Let us then step down from the archaeological and art-historical heights into ordinary life. Let us imagine a group of poor Nepali workers resting on the grass south of the central souk in Doha on a Friday, eating a modest meal of hummus and bread on our dish. Upon finishing the meal, they confront the words of Yahya ibn Ziyad and engage in a conversation - and one of them says: "But what if this applies also to us? What if it is not our fate to live here as outcasts? What if, instead of bemoaning our fate, we should seize the chance and change this fate?"
And why should we not take a step further and - back to the scene of Nepali workers eating from a plate - imagine a woman (also an immigrant worker, say, whose job is to clean rooms in a hotel) who serves them food on our plate? What if she has wisely chosen this dish to remind men of the truth that her own subordination is also not fate - or, rather, that it is a fate which can be changed?
We can see how, although Islam constantly receives bad press in the West for the way it treats women, there is a unique potential concealed beneath the patriarchal surface.
This, then, is the message of the item numbered PO 24.1999 in the Museum of Islamic Art. Insofar as we tend to oppose East and West as fate and freedom, Islam stands for a third position which undermines this binary opposition: neither subordination to blind fate nor freedom to do what one wants - both of which presuppose an abstract external opposition between the two terms - but a deeper freedom to choose our fate.
Friday, June 24, 2016
- Robert Blake
And did those feet in ancient time,
Walk upon Englands mountains green:
And was the holy Lamb of God,
On Englands pleasant pastures seen!
And did the Countenance Divine,
Shine forth upon our clouded hills?
And was Jerusalem builded here,
Among these dark Satanic Mills?
Bring me my Bow of burning gold;
Bring me my Arrows of desire:
Bring me my Spear: O clouds unfold!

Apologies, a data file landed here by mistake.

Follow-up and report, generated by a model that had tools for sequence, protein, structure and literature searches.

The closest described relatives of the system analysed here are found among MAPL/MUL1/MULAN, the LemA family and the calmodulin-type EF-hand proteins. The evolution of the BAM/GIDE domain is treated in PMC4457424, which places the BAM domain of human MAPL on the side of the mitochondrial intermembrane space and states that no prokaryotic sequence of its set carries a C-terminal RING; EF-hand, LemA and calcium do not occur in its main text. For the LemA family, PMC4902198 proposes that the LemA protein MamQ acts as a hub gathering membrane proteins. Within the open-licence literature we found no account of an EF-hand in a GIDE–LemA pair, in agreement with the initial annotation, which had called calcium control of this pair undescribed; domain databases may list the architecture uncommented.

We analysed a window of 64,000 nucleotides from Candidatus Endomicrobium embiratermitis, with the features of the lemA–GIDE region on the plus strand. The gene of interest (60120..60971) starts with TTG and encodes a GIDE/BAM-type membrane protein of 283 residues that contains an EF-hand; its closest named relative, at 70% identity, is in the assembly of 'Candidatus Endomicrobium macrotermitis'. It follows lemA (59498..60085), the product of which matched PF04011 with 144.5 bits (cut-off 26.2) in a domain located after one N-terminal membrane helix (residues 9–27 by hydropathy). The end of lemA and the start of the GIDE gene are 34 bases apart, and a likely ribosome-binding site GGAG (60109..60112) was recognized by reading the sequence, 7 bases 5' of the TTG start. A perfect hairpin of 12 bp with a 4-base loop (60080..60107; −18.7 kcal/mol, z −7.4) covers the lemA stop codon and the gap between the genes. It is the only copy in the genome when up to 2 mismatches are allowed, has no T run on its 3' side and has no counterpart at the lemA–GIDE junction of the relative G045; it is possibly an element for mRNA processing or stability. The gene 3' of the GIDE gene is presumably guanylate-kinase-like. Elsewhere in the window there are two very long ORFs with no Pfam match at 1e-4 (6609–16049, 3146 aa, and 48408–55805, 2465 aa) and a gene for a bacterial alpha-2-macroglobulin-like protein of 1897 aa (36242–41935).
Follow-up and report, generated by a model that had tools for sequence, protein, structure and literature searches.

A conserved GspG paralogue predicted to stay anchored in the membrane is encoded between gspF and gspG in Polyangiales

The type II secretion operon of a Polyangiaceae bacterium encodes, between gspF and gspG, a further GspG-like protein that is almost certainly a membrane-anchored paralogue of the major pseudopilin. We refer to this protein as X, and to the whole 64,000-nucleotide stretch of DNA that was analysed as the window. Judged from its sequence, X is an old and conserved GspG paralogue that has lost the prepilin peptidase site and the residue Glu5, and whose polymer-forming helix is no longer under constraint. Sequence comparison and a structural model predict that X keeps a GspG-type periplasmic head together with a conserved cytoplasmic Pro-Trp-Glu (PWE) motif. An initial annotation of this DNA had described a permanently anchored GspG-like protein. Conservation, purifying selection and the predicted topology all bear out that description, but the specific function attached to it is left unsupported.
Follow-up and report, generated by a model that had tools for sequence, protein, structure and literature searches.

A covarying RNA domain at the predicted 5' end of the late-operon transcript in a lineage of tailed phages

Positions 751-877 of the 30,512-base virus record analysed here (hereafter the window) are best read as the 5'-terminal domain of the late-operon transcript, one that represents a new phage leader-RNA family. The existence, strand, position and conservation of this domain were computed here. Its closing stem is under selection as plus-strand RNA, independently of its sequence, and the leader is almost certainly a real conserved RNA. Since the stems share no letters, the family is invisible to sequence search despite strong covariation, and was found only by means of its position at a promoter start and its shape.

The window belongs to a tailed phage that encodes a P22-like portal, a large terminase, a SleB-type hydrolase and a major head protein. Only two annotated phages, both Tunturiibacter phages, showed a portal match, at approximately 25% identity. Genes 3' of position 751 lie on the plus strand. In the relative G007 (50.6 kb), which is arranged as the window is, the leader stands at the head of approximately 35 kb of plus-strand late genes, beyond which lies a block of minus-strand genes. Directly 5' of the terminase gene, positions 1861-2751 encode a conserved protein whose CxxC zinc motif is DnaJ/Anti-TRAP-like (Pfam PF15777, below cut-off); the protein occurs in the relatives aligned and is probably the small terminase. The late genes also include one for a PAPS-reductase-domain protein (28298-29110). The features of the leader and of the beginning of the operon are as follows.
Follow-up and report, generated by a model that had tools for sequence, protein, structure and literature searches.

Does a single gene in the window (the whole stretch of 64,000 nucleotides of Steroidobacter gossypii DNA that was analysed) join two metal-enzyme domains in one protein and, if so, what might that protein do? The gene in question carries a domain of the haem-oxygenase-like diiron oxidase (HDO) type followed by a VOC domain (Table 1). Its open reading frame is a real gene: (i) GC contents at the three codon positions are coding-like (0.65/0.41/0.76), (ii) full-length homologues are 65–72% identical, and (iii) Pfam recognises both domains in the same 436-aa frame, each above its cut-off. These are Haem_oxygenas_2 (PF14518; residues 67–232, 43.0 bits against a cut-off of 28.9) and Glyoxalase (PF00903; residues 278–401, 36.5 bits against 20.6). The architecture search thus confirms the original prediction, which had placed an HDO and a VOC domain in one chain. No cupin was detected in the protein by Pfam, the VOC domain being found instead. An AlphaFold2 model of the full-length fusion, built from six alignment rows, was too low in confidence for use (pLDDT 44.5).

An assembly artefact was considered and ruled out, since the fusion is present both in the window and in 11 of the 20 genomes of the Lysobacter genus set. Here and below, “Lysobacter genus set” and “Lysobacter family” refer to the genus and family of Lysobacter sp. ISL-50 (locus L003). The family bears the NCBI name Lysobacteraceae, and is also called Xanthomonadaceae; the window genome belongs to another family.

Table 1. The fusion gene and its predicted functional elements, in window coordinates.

Bring me my Chariot of fire!
I will not cease from Mental Fight,
Nor shall my Sword sleep in my hand:
Till we have built Jerusalem,
In Englands green & pleasant Land
Numbers XI.ch 29.
"Would to God that all the Lords people were Prophets"
Thursday, June 23, 2016
The very beginning of David Lynch's The Straight Story, the words that introduce the credits, "Walt Disney Presents - A David Lynch Film," provides what is perhaps the best resume of the ethical paradox that marks the end of century: the overlapping of the transgression with the norm. Walt Disney, the brand of the conservative family values, takes under its umbrella David Lynch, the author who epitomizes transgression, bringing to the light the obscene underworld of perverted sex and violence that lurks beneath the respectable surface of our lives.- Slavoj Zizek," When Straight Means Weird and Psychosis is Normal"
Today, more and more, the cultural-economic apparatus itself, in order to reproduce itself in the market competition conditions, has not only to tolerate, but directly to incite stronger and stronger shocking effects and products. Suffice it to recall recent trends in visual arts: gone are the days when we had simple statues or enframed paintings - what we get now are expositions of frames themselves without paintings, expositions of dead cows and their excrements, videos of the inside of the human body (gastroscopy and colonoscopy), inclusion of smell into the exposition, etc.etc. (This tendency often leads to the comic confusion, when a work of art is mistaken for an everyday object or vice versa. Recently, in Potsdamer Platz, the largest construction site in Berlin, the coordinated movement of dozens of gigantic cranes was staged as an art performance - doubtlessly perceived by a lot of uninformed bypassers as part of an intense construction activity... I myself made the opposite blunder during a trip to Berlin: I noticed at the sides and above all the main streets numerous large blue tube and pipes, as if the intricate cobweb of water, phone, electricity, etc., was no longer hidden beneath the earth, but displayed in public. My reaction to it was, of course, that this is probably another of the postmodern art performances whose aim is, this time, to render visible the intestines of the town, its hidden inner machinery, in a kind of equivalent to displaying on video the palpitation of our stomach or lungs - however, I was soon proved wrong, when friends pointed out to me that what I see is merely part of the standard maintenance and repair of the city's underground services network.) Here, again, as in the domain of sexuality, perversion is no longer subversive: the shocking excesses are part of the system itself, the system feeds on them in order to reproduce itself. Perhaps, this is one of the possible definitions of postmodern art as opposed to modernist art: in postmodernism, the transgressive excess loses its shocking value and is fully integrated into the establishet artistic market.
Wednesday, June 15, 2016
- William Butler Yeats, "Her Anxiety"
Earth in beauty dressed
Awaits returning spring.
All true love must die,